The U.S. Environmental Protection Agency nominated a former UCLA professor as a candidate for its Science Advisory Board. He claims he was wrongfully terminated because of his controversial position on certain air pollutants.
The EPA announced the 174 candidates for the board Oct. 16. James Enstrom is a retired professor in the School of Public Health and the president of the Scientific Integrity Institute, which he founded in 2005. Its goal is to reanalyze data and common scientific beliefs on issues of public health; for example, those related to mortality from fine particulate air pollution and environmental tobacco smoke.
According to an article by Science Magazine published earlier this month, at least five of the other Science Advisory Board nominees are associated with minority scientific opinions, such as a disbelief in man-made climate change.
Enstrom said he is in favor of rolling back air pollution regulation, which he said is an unpopular view within the scientific community in California and nationwide.
During his time at UCLA, Enstrom found there is not a significant link between fine particulate air pollution and premature deaths in California, challenging previous evidence used in the creation of the National Ambient Air Quality Standards.
Enstrom said he thinks the EPA should reassess how it regulates certain particulate air pollutants.
“The whole process has been manipulated in a nonscientific way to result in regulations that many of us feel are unjustified,” Enstrom said.
He also said the type of air pollution the EPA is trying to regulate is a problem in other countries such as China and India, but not in the United States.
President Donald Trump’s administration has a different approach to environmental issues, Enstrom said, adding he thinks this has opened the door to more diverse viewpoints that are skeptical of current environmental regulations.
Beate Ritz, a professor of epidemiology at UCLA who has previously served on the EPA Clean Air Scientific Advisory Committee, said while there is always a range of opinions in science, policy should be based on the majority opinion on an issue. She added she thinks public health protections can be precautionary, even when the evidence is not completely indisputable.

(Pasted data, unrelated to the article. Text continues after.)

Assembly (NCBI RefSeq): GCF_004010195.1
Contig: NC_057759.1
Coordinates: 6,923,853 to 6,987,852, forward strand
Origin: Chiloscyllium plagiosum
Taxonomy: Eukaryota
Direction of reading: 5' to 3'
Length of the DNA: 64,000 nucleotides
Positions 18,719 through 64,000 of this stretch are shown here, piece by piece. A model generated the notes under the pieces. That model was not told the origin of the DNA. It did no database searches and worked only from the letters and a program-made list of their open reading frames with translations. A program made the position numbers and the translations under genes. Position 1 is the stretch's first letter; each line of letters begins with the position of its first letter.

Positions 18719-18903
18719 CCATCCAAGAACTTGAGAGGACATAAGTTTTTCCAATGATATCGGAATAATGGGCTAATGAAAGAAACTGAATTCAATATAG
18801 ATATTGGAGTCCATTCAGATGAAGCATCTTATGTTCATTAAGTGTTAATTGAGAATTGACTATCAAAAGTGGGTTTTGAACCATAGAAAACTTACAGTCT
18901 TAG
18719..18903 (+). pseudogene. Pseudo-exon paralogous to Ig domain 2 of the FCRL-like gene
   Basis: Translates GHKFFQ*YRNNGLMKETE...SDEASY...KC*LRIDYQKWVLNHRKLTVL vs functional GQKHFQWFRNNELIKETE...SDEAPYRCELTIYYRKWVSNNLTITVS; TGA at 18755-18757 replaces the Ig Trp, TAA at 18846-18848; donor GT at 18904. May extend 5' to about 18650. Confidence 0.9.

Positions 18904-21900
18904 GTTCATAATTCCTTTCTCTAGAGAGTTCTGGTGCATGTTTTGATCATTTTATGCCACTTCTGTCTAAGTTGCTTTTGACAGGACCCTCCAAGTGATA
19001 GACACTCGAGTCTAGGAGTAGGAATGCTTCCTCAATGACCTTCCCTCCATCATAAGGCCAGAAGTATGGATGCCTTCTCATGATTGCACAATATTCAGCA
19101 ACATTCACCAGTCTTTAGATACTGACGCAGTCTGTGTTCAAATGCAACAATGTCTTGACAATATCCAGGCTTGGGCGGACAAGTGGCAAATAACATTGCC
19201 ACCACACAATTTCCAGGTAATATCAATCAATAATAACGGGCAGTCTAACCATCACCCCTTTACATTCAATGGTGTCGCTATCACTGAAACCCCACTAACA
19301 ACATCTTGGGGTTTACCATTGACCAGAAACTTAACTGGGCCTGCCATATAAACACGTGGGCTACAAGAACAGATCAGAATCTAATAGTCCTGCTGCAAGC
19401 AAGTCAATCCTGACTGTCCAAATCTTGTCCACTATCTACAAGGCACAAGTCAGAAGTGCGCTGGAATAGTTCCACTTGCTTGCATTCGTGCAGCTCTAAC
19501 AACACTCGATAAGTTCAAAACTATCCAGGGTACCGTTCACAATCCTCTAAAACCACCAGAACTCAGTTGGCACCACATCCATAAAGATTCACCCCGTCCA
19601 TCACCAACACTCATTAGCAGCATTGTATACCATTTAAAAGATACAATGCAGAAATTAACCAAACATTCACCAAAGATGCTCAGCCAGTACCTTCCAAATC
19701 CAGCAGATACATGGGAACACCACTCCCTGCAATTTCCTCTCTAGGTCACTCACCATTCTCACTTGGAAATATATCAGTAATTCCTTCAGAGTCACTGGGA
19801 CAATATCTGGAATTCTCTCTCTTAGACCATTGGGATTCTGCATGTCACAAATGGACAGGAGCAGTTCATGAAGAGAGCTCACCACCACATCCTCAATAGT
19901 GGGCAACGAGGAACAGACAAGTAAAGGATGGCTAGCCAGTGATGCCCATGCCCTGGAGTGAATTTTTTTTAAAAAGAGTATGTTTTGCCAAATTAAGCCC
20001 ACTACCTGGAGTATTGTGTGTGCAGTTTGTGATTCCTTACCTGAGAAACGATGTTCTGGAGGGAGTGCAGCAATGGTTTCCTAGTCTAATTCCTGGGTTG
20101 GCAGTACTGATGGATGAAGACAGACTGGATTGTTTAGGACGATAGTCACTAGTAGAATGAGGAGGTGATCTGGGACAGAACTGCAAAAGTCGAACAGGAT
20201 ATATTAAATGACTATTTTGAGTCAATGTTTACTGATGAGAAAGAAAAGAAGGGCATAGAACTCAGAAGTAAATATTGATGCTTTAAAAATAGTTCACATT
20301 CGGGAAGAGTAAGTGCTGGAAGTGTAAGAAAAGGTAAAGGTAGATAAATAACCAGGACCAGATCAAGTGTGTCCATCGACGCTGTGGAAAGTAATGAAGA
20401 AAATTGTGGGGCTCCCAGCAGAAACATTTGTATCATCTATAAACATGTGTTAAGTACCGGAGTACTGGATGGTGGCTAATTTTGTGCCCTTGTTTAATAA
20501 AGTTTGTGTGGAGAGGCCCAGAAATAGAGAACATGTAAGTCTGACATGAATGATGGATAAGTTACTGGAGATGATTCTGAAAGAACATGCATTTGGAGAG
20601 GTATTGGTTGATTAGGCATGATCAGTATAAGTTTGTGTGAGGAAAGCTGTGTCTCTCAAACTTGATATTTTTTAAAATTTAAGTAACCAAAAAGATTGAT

Ritz also said while she doesn’t think appointing scientists with minority opinions to the Science Advisory Board would reverse environmental policies, she thinks it could prevent the passing of new legislation that would protect the environment.
“There’s still a barrier to changing rules and creating new rules, a lot of slowing down,” Ritz said. “Maybe not reversing yet, but legislation is not moving forward.”
Ritz said she is also concerned that some of the EPA nominees are associated with industries or with organizations that downplay the importance of climate change. While she admits not all industry experts have a conflict of interest, she said these nominees could give the companies they work for for too much freedom to regulate themselves.
“Everybody has beliefs and biases, but as a scientist I try to not use these biases to look at data,” she said.
Ochan Otim, a professor of chemistry at UCLA Extension who is employed by the City of Los Angeles as a senior chemist for the Environmental Monitoring Division, was also among the nominees. His research focuses on organic contaminants in the ocean and air, including industrial waste.
He was nominated based on his activity as a board-certified environmental scientist from the American Academy of Environmental Engineers and Scientists, Otim said.
If appointed, he said his focus would be on toxicology in the environment, such as how carcinogens are deposited and accumulated, and performing risk assessment.
“Our job is to be totally independent of the bureaucracy of the EPA and the federal government,” Otim said. “We are not to be influenced in any way – anyone has to disclose any conflict of interest; I have to be as honest as possible, I have to protect the public, I see my role as very, very important.”